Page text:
1. Verify that you have access to the IPMI interface on the node.

a. Connect the IPMI port on that node to the network if it is not already connected.
A 1 GbE or 10 GbE port connection is not required for imaging the node.

b. Assign an IP address (static or DHCP) to the IPMI interface on the node if it is not already assigned.
To assign a static address, see Setting IPMI Static IP Address on page 69.

2. Open a Web browser to the IPMI IP address of the node to be imaged.

3. Enter the IPMI login credentials in the login screen.


The default value for both user name and password is ADMIN (upper case).

Figure: IPMI Console Login Screen

The IPMI console main screen appears.


Note: The following steps might vary depending on the IPMI version on the node.

Appendix: Imaging a Node (Phoenix) | Field Installation Guide | Foundation | 84


Figure: IPMI Console Screen

4. Select Console Redirection from the Remote Console drop-down list of the main menu, and then
click the Launch Console button.

Figure: IPMI Console: Remote Control Menu

5. Select Virtual Storage from the Virtual Media drop-down list of the remote console main menu.

Figure: IPMI Remote Console: Virtual Media Menu

6. Click the CDROM&ISO tab in the Virtual Storage window, select ISO File from the Logical Drive Type
field drop-down list, and click the Open Image button.

Figure: IPMI Virtual Storage Window

7. In the browse window, go to where the ISO image is located, select the image, and then click the Open
button.

8. Click the Plug In button and then the OK button to close the Virtual Storage window.

Appendix: Imaging a Node (Phoenix) | Field Installation Guide | Foundation | 85


9. In the remote console main menu, select Set Power Reset in the Power Control drop-down list.
This causes the system to reboot to the selected image.

Figure: IPMI Remote Console: Power Control Menu

What to do next: If you booted to the hypervisor ISO image, complete installation by following the
installation steps for the hypervisor.
If you booted to the Phoenix ISO image, configure the hypervisor and, if the node does not have the
Controller VM installed, install the Controller VM.

Installing ESXi (Nutanix NX Series Platforms)

1. Click Continue at the installation screen and then accept the end user license agreement on the next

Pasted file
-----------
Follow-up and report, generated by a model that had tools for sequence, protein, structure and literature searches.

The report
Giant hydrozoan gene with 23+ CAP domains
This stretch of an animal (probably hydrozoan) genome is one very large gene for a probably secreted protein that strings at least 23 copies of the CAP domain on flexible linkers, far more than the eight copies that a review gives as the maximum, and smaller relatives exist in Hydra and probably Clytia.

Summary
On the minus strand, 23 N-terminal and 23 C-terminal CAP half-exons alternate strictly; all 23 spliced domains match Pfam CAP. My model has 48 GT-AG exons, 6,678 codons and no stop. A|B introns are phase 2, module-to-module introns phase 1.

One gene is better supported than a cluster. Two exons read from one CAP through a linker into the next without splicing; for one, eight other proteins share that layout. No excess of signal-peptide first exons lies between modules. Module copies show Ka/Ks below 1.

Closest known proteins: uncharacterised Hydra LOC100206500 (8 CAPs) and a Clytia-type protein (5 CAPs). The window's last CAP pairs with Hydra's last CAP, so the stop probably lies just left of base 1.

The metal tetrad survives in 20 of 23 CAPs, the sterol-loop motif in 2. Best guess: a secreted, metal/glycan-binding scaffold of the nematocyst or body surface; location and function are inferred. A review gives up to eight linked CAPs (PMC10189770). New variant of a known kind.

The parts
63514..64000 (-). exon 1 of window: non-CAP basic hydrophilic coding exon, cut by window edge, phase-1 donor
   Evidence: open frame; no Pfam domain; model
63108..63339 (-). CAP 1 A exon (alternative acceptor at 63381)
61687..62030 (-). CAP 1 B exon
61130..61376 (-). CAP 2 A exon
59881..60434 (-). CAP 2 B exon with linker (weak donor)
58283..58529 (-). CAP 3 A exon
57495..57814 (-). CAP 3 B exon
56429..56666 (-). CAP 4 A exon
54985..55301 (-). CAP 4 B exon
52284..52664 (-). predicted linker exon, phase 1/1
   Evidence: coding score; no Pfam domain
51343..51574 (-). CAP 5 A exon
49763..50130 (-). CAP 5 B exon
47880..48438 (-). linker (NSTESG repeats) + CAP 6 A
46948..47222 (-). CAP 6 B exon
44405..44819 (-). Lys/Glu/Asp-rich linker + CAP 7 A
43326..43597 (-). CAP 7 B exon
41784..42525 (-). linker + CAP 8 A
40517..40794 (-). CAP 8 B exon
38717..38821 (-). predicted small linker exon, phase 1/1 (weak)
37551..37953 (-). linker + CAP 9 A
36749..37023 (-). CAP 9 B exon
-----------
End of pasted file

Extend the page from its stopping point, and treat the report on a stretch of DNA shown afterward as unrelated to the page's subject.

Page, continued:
screen.

Figure: ESXi Installation Screen

2. On the Select a Disk screen, select the SATADOM as the storage device, click Continue, and then click
OK in the confirmation window.

Figure: ESXi Device Selection Screen

3. In the keyboard layout screen, select a layout (such as US Default) and then click Continue.

Appendix: Imaging a Node (Phoenix) | Field Installation Guide | Foundation | 86


4. In the root password screen, enter nutanix/4u as the root password.

Note: The root password must be nutanix/4u or the installation will fail.

5. Review the information on the Install Confirm screen and then click Install.

Figure: ESXi Installation Confirmation Screen

The installation begins and a dynamic progress bar appears.

6. When the Installation Complete screen appears, go back to the Virtual Storage screen, click the Plug
Out button, and then return to the Installation Complete screen and click Reboot.

Note: Do not assign host IP addresses before installing the Nutanix Controller VM. Doing so
can cause the Controller VM install to fail.

Installing Hyper-V (Nutanix NX Series Platforms)

1. Start the installation.

2. At the Press any key to boot from CD or DVD prompt, press SHIFT+F10.
A command prompt appears.

3. Partition and format the DOM.

a. Start the disk partitioning utility.


> diskpart

b. List the disks to determine which one is the 60 GB SATA DOM.


list disk

c. Find the disk in the displayed list that is about 60 GB (only one disk will be that size). Select that disk
and then run the clean command:
select disk number
clean

d. Create and format a primary partition (size 1024 and file system fat32).